Friday, July 19, 2013

Watch Out for The Wizard

When you think of formidable foes for the Fantastic Four, you may think that his association with the now-pretty-much-a-joke Frightful Four disqualifies the Wizard from that list. Indeed, the Wizard hasn't really distinguished himself in battle since he adopted those goofy anti-grav discs as his weapon of choice, nor has Reed Richards had to lose much sleep over the thought of the Wizard ever rivalling him in the brilliant inventions department.

People tend to forget about those times when the Wizard lorded it over the Frightful Four with an iron glove, coming within a hairs breadth of defeating the FF on more than one occasion.  In fact, his "Id Machine," had it not been sabotaged, could have had both the Thing and the Torch in his thrall, giving his evil team 6-2 odds in subduing the remaining half of the FF without much credible resistance.  So the time was when the Wizard was no slouch at plotting to destroy his enemies, and devising the means to do so.  I haven't adapted and armed a Q-bomb lately, have you?

Nor did he limit himself to one weapon, with his battle suit hosting a variety of devices as well as an impressive internal power source. He really didn't need discs to harness the power of anti-gravity--they were simply remote devices that could dispatch his enemies without diverting his own power to the task. And after the Frightful Four was finally defeated and Medusa had left the team, we would see that the Wizard didn't really need his teammates to be a deadly threat to the Fantastic Four in his own right. He still had his inventive genius, as well as a thirst for revenge that wasn't quenched with his release from prison. So when he returned to his lab in Fantastic Four #78, he decided to add to his suit's arsenal:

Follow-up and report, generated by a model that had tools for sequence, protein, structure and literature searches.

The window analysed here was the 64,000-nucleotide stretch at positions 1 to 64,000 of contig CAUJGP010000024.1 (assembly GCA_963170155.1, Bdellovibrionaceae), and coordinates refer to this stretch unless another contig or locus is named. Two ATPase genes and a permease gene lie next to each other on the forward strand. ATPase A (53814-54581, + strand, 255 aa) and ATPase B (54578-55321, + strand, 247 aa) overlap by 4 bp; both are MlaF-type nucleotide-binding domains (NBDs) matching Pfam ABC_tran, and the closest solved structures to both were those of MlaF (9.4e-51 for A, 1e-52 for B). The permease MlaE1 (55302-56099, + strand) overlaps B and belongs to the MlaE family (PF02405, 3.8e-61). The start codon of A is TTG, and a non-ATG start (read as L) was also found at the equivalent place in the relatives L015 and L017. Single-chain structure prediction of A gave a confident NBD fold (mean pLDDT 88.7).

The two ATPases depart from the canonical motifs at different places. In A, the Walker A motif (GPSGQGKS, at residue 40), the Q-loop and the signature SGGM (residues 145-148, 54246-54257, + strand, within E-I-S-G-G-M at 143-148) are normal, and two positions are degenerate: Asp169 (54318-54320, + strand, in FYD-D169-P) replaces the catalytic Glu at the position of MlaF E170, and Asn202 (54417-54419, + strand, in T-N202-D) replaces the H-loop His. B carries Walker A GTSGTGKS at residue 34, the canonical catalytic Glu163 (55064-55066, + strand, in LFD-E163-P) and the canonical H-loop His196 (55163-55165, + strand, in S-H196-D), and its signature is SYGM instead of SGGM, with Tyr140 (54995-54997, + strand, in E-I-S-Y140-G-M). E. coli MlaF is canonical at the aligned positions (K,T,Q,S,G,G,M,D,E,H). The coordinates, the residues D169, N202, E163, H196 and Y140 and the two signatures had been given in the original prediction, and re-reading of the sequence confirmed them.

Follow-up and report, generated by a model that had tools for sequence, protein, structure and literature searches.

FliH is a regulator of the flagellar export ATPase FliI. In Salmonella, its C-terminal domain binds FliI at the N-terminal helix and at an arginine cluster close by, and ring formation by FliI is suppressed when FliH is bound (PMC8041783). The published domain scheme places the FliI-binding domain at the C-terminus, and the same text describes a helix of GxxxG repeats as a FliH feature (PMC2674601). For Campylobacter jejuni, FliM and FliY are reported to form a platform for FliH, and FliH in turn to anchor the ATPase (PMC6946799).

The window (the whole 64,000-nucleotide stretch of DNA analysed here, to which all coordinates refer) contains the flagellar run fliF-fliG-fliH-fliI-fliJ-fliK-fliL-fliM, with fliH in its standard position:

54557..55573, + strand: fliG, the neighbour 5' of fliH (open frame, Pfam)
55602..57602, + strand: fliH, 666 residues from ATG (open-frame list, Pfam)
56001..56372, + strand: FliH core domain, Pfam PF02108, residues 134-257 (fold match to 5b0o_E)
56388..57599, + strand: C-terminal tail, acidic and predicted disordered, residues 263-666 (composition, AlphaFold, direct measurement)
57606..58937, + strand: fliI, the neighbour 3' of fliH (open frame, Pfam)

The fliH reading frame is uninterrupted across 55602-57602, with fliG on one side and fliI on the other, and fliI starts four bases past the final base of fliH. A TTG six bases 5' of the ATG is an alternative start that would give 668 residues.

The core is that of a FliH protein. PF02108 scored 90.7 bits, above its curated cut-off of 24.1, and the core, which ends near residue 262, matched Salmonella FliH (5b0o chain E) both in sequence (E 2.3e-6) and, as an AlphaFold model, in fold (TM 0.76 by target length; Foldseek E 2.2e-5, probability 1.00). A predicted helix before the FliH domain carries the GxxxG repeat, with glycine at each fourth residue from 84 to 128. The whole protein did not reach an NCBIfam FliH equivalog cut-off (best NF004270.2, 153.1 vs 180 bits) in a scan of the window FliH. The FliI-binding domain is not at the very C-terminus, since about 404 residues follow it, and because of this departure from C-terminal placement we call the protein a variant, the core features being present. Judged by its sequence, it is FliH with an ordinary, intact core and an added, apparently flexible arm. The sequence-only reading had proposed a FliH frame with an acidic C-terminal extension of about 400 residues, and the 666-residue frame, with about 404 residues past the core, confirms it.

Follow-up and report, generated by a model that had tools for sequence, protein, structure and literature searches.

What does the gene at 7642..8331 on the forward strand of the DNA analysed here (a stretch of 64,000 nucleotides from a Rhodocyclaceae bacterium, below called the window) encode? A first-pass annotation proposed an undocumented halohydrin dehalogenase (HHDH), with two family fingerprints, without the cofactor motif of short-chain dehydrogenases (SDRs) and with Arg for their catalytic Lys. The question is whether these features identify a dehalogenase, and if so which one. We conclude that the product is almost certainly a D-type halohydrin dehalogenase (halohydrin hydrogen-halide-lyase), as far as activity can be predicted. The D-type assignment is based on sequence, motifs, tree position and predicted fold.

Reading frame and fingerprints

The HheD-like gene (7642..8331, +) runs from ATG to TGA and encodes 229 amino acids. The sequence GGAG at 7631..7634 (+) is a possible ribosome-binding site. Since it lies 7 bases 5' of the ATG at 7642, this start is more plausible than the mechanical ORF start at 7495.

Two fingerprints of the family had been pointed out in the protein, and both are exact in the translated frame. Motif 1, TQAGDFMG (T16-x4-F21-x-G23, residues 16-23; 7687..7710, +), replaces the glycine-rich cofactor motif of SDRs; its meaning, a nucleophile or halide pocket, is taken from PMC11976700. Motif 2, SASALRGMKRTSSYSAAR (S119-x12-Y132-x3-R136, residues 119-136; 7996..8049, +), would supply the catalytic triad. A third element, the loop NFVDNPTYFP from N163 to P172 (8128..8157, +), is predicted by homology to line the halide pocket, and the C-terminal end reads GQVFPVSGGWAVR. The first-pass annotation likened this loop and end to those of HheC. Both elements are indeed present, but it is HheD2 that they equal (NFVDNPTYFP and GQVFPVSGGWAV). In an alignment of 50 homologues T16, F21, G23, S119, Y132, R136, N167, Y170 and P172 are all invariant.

As luck would have it, the Wizard would be catching the FF at a vulnerable time. The Invisible Girl was in the hospital, soon to give birth; and Reed had finally succeeded in his promise to Ben Grimm, to rid him of his existence as the Thing for good:

But before the remaining members of the FF can properly celebrate with their now-human teammate, their congratulations are interrupted by a sudden attack:

Well, you and I have some inside info that Johnny doesn't, so we know who's come calling, don't we.

It certainly looks like the Wizard has got the FF dead to rights, but his arrival has me wondering about a couple of other things. For one, is "wingless" really the best he can do as far as choosing a fearsome adjective for his name? We know the dude can fly, yes--but aren't "wizards" (or plain old criminals, for that matter) usually wingless? They may ride horses, or have cloaks of levitation, but I don't know of any with wings. Why would he point out the obvious? Secondly, do the FF's vaunted protective devices only work on walking foes, while their flying enemies get to take advantage of easy rooftop access?

Still, we're here to see the Wiz wipe the floor with the FF, and the Torch steps right up:

I don't know--Johnny may be fatuous at times, but I've never known him or anyone else to be "wronger."  Is "wronger" an actual word? Is "righter"? If you're wrong, how can you be more wrong? Isn't "wrong," like "right," an absolute? Since the Beast isn't here with his pocket dictionary, I'll have to ask one of you to clarify it for me--because I could be wrong. But if so, I don't think I'm wronger than wrong.